I told my partner up front that I did law in school so all this was absolutely alien to me. I just - I just really cannot stop my brain from shutting down when it sees, hears, and comes into contact with numbers. I'm fine listening to someone talk about why accountants are to be blamed for the sub-prime crisis; just don't tell me how they are to be blamed. Or rather, do tell me, but please don't give me the pedantic details that will just fly over my head. I didn't want to attend this course because I knew that I wouldn't understand anything. Accounting/finance isn't something that I get intuitively, especially not accounting. I roll my eyes when I hear the phrase "spreadsheet" and feel thankful that I'm qualified to practise law whenever I come into contact with accounting-related information. If I wanted to know all these, I would have taken something else in school.

But of course, my organisation doesn't care. The biggest problem, really, was that the speaker had a too liberal assumption of the average, or mode, level of prior knowledge of the group to whom he spoke. I felt like telling him that I was a lawyer and therefore didn't understand most of what he said; could I please be excused? The worst part is that I have to attend the second part of the course tomorrow for a whole day, and there's going to be another two-to-one quiz, so I'm going to have to torture another unfortunate soul. This is very annoying. I haven't felt so stupid and lost in a really long time.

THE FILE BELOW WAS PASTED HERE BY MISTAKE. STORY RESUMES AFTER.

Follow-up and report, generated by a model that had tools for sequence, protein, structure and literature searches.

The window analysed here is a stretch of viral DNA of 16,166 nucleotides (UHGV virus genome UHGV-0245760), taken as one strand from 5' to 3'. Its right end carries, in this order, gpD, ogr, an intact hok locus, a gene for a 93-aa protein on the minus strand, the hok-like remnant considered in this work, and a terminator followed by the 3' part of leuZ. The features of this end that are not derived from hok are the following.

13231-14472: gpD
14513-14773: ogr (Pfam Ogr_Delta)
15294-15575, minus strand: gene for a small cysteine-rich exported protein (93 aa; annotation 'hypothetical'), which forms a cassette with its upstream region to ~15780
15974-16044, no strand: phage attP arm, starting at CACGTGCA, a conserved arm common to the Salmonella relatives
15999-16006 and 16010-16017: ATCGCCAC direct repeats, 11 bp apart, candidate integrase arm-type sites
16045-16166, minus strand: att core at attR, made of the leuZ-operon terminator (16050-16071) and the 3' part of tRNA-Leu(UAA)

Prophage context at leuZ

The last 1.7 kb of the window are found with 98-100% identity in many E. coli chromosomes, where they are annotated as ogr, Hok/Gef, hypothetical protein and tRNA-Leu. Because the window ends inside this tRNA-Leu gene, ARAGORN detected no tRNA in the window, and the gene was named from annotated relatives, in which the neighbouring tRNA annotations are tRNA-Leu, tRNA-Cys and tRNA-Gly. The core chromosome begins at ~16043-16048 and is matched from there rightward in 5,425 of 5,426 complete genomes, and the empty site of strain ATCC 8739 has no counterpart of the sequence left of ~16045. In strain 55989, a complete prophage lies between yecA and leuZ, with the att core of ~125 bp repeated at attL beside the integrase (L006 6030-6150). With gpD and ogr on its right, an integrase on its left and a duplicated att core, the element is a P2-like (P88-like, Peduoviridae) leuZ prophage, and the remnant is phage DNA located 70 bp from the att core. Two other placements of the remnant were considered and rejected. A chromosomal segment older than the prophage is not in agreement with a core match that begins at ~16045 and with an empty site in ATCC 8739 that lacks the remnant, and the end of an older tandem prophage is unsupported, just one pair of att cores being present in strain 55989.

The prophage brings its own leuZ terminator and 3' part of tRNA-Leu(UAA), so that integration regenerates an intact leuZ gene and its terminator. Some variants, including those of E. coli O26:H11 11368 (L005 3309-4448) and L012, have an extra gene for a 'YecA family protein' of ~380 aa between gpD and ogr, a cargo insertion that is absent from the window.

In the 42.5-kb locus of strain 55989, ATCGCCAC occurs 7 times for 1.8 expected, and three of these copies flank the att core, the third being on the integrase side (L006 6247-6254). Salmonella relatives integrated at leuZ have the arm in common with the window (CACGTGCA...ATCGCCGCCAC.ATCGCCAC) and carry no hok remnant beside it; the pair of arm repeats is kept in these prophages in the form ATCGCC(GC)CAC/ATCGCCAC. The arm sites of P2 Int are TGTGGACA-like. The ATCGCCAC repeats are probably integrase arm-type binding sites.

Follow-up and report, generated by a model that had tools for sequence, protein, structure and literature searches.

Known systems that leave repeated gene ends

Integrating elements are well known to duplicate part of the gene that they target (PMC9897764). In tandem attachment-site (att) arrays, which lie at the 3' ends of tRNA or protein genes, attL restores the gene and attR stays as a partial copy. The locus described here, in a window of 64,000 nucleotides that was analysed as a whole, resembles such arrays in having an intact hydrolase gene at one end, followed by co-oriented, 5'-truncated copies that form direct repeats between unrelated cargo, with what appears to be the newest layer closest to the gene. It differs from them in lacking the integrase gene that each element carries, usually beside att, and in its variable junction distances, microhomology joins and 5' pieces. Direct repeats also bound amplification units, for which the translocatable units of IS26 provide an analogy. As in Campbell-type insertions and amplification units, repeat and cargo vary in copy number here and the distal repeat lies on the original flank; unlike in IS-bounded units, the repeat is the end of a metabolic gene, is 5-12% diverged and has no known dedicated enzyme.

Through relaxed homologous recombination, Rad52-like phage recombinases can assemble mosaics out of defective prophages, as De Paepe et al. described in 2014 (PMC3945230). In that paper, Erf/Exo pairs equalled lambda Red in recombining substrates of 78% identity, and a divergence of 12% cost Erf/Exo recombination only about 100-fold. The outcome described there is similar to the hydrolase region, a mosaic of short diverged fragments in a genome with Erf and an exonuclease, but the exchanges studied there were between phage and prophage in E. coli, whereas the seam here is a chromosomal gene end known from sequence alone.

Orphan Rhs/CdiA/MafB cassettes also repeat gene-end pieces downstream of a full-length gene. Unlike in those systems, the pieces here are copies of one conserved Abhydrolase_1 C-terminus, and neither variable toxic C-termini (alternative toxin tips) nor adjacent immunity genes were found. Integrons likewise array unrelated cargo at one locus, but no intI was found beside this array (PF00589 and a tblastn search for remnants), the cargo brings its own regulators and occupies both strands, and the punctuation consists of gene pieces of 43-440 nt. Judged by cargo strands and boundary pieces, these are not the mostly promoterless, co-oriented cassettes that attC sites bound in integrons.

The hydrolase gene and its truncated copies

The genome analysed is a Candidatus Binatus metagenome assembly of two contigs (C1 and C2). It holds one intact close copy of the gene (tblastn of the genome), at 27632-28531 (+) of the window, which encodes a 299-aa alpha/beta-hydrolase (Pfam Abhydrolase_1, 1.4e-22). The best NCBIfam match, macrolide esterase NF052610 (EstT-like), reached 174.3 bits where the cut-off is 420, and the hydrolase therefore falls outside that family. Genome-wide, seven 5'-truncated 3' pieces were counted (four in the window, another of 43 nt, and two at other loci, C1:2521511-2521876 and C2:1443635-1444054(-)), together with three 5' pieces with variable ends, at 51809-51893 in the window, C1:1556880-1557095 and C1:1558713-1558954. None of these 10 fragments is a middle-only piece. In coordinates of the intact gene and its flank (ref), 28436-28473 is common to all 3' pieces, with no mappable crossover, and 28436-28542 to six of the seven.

Wei Chuen was really sweet though - he said that I should be able to understand it but my brain can't be bothered. Sadly, the truth is that my brain can't process such information. It switches off when it's being force-fed numbers. I can't comprehend the utility or intelligence in trying to reduce a complex, variable world into a simple "model" or equation with a few variables. To me, that's cheating. That's efficiency at the expense of the whole picture. Assumptions in basic economics - ceteris paribus. How absolutely useless. When is there ever such a thing as ceteris paribus? I prefer to take everything into consideration when tackling a problem - it's what lawyers fucking do. I have been contaminated. I have been lured to the dark side. There's absolutely no turning back now.

But seriously, I've always been more macro than micro anyway. I liked the stuff about economic regulations, but really hated all the accounting details. Percentages, numbers, decimal points. I mean, I got a C for A Level mathematics even though I studied the hardest for it out of all my other subjects (for which I got As). That says it all, doesn't it?

Friends

I was very happy and RELIEVED to see Mag and Ven for lunch. They kindly came down to my area to meet me in view of my drastically reduced lunch time due to the course. For about 50 minutes, I felt like a human being again. Thank you for coming down and for your company. :)

Fuckery

Sometimes I miss practice. But I don't really miss practice; I just miss doing what I'm familiar with, even if I mostly hated it. What I really miss is the private sector. The salary, how I didn't feel financially constrained, mostly.

But I don't miss the working hours one bit. I could never go back to that.

On another note, I don't even feel like going to the office these days. Nobody's working. I just want to go shopping.
Tags: civil service, current affairs, legal profession, wei chuen, work